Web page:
NATIONAL - More than half of all US households own a pet, and while pets provide companionship and comfort, they can also pass along up to 200 diseases to humans.
Here are some tips to ensure you're not on the short end of this tale.
Maggie is an 11-week-old Cocker Spaniel puppy and the newest member of the Moreau family.
Seven-year-old Merit just can't get enough of her. But Merit's mother has her concerns.
Megan Moreau says, "Having a child around and having her and the dog in her face, and playing with it after the dog's been outside, I did consider that."
Puppies are precious, but diseases they can carry, like rabies and ringworm, can be dangerous.
So a visit to the vet should be the first order of business for new pet owners.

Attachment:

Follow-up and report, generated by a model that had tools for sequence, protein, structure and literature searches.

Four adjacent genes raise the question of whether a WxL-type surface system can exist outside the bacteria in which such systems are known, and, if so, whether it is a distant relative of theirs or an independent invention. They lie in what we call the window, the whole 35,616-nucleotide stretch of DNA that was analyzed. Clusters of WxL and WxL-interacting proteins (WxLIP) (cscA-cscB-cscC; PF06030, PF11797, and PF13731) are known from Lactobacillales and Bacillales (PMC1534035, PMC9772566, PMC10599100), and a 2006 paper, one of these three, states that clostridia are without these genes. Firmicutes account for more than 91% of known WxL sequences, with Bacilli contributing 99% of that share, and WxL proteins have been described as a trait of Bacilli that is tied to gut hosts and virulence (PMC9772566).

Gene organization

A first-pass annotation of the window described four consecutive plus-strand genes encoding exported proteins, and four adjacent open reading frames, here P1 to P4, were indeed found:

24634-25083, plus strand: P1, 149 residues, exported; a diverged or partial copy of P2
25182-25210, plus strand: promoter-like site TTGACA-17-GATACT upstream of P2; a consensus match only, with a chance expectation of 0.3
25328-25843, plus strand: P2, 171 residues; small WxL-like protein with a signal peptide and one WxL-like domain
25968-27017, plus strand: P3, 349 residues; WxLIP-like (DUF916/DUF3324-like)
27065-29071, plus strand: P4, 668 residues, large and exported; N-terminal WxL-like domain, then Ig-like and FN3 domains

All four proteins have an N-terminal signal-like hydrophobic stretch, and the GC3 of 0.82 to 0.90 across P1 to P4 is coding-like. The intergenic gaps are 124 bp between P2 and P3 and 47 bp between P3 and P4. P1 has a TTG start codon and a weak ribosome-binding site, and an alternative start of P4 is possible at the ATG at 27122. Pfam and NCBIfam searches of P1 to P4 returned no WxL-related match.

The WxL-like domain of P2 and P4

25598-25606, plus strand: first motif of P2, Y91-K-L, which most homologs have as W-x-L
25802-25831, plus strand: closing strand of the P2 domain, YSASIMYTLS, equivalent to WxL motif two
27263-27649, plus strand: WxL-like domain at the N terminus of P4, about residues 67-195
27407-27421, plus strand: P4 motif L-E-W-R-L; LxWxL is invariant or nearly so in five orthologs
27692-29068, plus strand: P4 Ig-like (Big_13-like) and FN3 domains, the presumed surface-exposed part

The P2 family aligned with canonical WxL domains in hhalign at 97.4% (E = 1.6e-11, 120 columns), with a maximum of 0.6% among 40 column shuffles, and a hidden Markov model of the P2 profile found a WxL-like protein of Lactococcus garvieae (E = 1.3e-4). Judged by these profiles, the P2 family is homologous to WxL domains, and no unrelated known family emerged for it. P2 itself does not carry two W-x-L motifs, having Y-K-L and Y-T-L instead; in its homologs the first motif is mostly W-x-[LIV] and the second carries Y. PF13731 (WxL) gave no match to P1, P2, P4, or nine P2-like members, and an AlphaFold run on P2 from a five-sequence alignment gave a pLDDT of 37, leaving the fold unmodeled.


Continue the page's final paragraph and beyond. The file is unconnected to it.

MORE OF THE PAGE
Dr. Bonnie Beaver says, "One of the things the veterinarians will check for would be for intestinal parasites. Dogs and cats can have intestinal parasites that people can get when they come in contact with the feces."
Furry felines can pass along toxoplasmosis. It can cause birth defects, so pregnant women should avoid cleaning the litter box.
Most people link salmonella with chickens, but horses can carry the bacteria, too.
Dr. Beaver said, "The horse picks it up and the person then handles horse feces, whether from grooming the animal, from cleaning out a stall and then they ingest that and develop salmonella. Most of the things horses get really do not transfer to humans, so they're a relatively safe pet."
For now, the Moreau's are making the most of their time with maggie and playing it safe with regular vet visits.
The risk of contracting a disease from a pet is relatively small. Children under five, the elderly, pregnant women, organ transplant patients and those with weakened immune systems are most at risk.
The good news, experts say simple hand washing can prevent most potentially dangerous pet diseases.